What about bottom of the ocean? Even there the human fingerprints are everywhere. Deep sea trawling by commercial fishing fleets drags heavy metal beams over the sea floor, crushing and scattering slow-growing deep corals and other creatures and kicking up plumes of underwater dust that can be seen by satellites. And each year, an area twice the size of the continental United States is bottom trawled, scooping up more fish than the ocean can replenish. Four-fifths of commercial fish species are considered by marine biologists to be fully-exploited, over-exploited or have collapsed. On our current trajectory, no commercially-viable fish stocks will be left by the time my daughter turns 40.

Feeling stressed? Breathe in – breathe out – breathe in – breathe out. Every second breath comes from phytoplankton, microscopic plant-like organisms in the oceans that are the basis of the marine food chain and which are the source of over half the planet's oxygen. And yet, there is evidence that the number of phytoplankton has declined by 40% since 1950. I've already alluded to climate change, but did you know that all the excess carbon dioxide in the atmosphere is also changing the chemistry of the oceans? The planet's oceans are on average 30% more acidic than pre-industrial times, more acidic than they have been for millions of years and changing faster than any known previous shift. And they are getting warmer too. Climate change is first and foremost oceanic change, since oceans absorb more than 93% of the extra energy trapped by our greenhouse gas pollution. Oceanic currents are shifting. Sea levels are rising. The climate is warming: 2010 was the equal warmest year at the end of the warmest decade, which followed the previous warmest decade, which followed the previous warmest decade on record. The last 311 consecutive months have all been warmer than the 20thC average.

Seasons are changing. Plants flowering earlier in Spring, migrations and hibernations patterns are shifting. Our actions are shifting rainfall patterns: stronger droughts, more intense rain and snow.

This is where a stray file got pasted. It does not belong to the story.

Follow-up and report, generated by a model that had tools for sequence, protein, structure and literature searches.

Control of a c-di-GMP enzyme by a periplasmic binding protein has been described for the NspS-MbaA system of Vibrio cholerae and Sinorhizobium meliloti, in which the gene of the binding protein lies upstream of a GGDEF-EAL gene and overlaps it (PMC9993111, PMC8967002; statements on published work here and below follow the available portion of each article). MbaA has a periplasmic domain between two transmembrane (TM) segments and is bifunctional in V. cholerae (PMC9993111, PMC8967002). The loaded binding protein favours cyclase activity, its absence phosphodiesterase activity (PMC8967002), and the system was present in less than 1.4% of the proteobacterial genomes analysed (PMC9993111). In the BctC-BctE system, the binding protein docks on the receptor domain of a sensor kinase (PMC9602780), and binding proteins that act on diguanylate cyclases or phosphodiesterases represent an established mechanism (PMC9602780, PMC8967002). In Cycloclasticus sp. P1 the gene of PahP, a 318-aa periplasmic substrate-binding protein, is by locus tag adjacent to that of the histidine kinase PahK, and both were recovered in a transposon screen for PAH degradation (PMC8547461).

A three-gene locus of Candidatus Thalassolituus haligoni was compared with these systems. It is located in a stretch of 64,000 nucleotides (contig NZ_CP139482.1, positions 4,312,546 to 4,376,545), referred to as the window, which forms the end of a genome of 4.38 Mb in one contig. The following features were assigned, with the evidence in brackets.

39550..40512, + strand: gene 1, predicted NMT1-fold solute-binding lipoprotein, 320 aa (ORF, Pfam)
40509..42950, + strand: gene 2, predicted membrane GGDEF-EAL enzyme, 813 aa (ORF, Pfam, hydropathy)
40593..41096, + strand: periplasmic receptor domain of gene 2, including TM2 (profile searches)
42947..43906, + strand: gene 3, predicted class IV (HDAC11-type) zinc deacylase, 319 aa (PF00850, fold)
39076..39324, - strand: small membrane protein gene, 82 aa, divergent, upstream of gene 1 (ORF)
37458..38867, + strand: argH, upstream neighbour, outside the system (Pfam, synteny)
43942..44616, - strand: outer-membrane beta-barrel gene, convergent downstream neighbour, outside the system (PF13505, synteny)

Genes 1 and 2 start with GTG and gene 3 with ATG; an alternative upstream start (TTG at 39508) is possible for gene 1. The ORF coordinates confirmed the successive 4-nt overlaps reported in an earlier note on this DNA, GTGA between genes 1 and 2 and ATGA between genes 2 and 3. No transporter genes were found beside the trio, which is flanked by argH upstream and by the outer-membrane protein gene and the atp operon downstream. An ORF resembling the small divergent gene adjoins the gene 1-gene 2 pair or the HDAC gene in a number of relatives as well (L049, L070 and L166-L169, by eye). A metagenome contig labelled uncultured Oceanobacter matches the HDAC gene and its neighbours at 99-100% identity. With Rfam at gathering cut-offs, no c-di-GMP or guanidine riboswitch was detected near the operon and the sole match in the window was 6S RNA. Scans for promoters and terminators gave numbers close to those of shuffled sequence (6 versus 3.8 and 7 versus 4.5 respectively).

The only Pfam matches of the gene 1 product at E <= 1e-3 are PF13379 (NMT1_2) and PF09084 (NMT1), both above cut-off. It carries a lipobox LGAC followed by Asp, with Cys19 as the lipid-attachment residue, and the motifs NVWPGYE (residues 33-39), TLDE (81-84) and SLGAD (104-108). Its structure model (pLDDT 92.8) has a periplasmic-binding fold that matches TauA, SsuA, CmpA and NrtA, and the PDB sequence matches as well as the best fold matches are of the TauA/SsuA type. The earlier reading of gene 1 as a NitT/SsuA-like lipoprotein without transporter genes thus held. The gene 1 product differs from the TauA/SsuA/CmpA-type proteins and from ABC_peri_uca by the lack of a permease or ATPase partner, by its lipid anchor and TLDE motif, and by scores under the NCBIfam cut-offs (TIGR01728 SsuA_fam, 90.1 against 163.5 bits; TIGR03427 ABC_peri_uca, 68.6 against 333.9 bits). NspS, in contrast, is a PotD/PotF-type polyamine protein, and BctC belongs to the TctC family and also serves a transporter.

Human actions are responsible for the extinction of about a thousand recorded species. They are just the ones we're aware of. Our best estimates of how many we've actually bumped off falls between twenty thousand and two million. And this is rising rapidly, causing most biologists to judge that we are currently causing the start of the sixth great extinction event in earth's four and a half billion year history.

Since 1970 we have reduced animal populations by 30%, the area of mangroves and sea grasses by 20%, the coverage of living corals by 40% and large African mammals by more than 60%.

Over 60% of major rivers in the world are dammed or diverted. There is five times as much water stored in dams and reservoirs as all the world's rivers put together. We have directly modified three quarters of the ice-free land surface of the planet and currently move more soil each year than the natural cycles of wind and water.

And I haven’t mentioned heavy metal toxins, soil degradation, aquifer depletion, ocean eutrophification, introduced species, desertification, or the trillions of floating plastic particles found in all the world's oceans.

We no longer live on the same planet on which we were born.

And God said to them, "Be fruitful and multiply, and fill the earth and subdue it; and have dominion over the fish of the sea. And over the birds of the air and over every living thing that moves upon the earth."
- Genesis 1.28 (NRSV).